Final Results of European Trial in Mucosa-Associated Lymphoid Tissue Lymphoma

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Emanuele Zucca, MD

Emanuele Zucca, MD

The final results of the European phase III International Extranodal Lymphoma Study Group (IELSG)-19 trial, reported in the Journal of Clinical Oncology by Emanuele Zucca, MD, of the IELSG Operation Office, Oncology Institute of Southern Switzerland, and colleagues showed that event-free and progression-free survival were better with rituximab (Rituxan) plus chlorambucil vs either agent alone in patients with mucosa-associated lymphoid tissue (MALT) lymphoma; however, no differences in overall survival were observed. The IELSG-19 trial was the first randomized study to examine systemic therapy for MALT lymphoma.

The trial, conducted in 78 centers in 6 countries, initially randomized patients to first-line treatment with chlorambucil alone (6 mg/m2/d on weeks 1 to 6, 9 to 10, 13 to 14, 17 to 18, and 21 to 22) or the combination of chlorambucil (same schedule) plus rituximab (375 mg/m2 on day 1 of weeks 1, 2, 3, 4, 9, 13, 17, and 21. After planned enrollment of 252 patients, the protocol was amended to continue with a 3-arm design (1:1:6 ratio), incorporating a new arm of rituximab alone (same schedule). In total, 454 patients were randomized to receive chlorambucil alone (n = 151), chlorambucil plus rituximab (n = 152), or rituximab alone (n = 151. A 5-year analysis reported in 2013 showed superior event-free survival, the primary study endpoint, with rituximab plus chlorambucil vs chlorambucil.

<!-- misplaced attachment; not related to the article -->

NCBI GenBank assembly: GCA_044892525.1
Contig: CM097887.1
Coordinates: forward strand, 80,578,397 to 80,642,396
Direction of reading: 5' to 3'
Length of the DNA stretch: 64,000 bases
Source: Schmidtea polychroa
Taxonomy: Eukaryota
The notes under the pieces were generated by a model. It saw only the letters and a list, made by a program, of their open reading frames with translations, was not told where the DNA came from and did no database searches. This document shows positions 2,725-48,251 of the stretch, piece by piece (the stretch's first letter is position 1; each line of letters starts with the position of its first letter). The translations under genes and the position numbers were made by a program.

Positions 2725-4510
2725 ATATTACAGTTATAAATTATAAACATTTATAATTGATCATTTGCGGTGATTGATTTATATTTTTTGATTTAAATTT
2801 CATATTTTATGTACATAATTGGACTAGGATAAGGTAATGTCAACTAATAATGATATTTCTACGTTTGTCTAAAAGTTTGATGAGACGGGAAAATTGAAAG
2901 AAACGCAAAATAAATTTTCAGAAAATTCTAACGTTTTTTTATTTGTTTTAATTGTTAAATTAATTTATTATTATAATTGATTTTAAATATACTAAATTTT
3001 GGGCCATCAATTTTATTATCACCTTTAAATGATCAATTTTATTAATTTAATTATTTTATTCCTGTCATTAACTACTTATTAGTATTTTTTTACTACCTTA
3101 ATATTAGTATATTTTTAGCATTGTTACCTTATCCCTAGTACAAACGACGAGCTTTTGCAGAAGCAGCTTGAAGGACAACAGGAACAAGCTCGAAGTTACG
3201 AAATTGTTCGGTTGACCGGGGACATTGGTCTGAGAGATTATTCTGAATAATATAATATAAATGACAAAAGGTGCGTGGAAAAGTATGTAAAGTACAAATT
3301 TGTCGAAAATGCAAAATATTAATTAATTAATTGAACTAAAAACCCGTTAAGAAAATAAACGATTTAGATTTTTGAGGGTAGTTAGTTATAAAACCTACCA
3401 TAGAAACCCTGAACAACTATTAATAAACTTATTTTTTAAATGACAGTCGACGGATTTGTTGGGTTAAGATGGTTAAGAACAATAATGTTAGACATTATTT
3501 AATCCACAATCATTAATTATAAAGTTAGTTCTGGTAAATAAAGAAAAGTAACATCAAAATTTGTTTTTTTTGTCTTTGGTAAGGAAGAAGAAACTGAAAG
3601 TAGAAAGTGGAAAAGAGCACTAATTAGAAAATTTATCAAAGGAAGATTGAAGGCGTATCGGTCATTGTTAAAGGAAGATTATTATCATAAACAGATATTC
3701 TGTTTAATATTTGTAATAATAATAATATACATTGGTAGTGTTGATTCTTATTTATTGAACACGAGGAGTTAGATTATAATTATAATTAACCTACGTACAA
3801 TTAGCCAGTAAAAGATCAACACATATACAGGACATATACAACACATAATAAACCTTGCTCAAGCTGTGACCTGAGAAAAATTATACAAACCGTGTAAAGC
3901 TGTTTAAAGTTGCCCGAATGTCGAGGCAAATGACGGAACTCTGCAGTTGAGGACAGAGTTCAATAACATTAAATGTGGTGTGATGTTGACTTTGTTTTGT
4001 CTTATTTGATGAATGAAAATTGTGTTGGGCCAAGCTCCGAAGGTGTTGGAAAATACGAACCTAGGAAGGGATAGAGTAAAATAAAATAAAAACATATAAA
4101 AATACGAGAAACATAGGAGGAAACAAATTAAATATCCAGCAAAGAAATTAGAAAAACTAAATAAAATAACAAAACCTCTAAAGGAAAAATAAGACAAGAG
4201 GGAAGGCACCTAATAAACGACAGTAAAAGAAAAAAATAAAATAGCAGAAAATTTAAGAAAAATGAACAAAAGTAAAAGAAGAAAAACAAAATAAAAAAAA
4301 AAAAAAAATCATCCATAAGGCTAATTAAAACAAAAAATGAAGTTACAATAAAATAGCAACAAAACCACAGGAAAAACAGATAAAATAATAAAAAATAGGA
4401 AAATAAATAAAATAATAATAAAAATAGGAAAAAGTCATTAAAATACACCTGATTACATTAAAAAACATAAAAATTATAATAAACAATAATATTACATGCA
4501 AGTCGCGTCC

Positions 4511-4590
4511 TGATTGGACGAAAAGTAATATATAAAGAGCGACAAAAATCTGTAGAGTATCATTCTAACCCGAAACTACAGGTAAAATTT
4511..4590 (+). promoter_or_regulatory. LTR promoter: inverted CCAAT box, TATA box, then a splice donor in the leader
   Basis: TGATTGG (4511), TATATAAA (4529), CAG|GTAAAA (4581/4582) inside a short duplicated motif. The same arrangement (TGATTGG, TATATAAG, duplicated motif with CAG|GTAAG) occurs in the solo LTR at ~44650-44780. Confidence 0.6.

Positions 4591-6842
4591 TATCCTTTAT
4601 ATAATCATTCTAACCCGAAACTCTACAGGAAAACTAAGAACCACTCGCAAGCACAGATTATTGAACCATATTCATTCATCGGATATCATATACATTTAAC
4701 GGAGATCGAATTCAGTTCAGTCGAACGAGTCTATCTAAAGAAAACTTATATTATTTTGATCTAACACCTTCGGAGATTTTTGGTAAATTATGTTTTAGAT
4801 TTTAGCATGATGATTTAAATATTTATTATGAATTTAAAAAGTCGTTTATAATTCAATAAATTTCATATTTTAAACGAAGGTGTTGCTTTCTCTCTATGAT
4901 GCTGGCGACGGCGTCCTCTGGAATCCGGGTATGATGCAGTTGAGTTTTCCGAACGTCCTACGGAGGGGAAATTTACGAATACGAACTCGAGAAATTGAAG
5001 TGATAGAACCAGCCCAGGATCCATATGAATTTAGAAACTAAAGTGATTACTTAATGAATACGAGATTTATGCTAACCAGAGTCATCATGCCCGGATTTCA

Median follow-up was 7.4 years. Median event-free survival was not reached in the combination group (hazard ratio [HR] = 0.54, 95% confidence interval [CI]= 0.38–0.77, vs chlorambucil; overall P = .0009), 5.1 years in the chlorambucil group, and 5.6 years with rituximab alone (HR = 0.97, 95% CI = 0.69–1.35, vs chlorambucil). Five-year event-free survival was 68%, 51%, and 50%. Median progression-free survival was not reached for the combination (HR = 0.62, 95% CI = 0.42–0.93; overall P = .0119), 8.3 years for chlorambucil, and 6.9 years for rituximab (HR = 1.10, 95% CI = 0.76–1.59). Five-year progression-free survival was 72%, 59%, and 57%.

Median overall survival was not reached in any group, and there were no significant differences between the groups (overall P = .464). Compared with the chlorambucil group, hazard ratios were 1.24 (95% CI = 0.69–2.23) for the combination group and 0.91 (95% CI = 0.44–1.86) for the rituximab group. Five-year overall survival rates were 90% in the combination group, 89% in the chlorambucil group, and 92% in the rituximab group.

All treatments were well tolerated, with no unexpected toxicities being observed.

The investigators concluded: “Rituximab in combination with chlorambucil demonstrated superior efficacy in mucosa-associated lymphoid tissue lymphoma; however, improvements in [event-free survival] and progression-free survival did not translate into longer overall survival.”

The study was supported by grants from Oncosuisse and Roche. ■

Zucca E, et al: J Clin Oncol 35:1905-1912, 2017.




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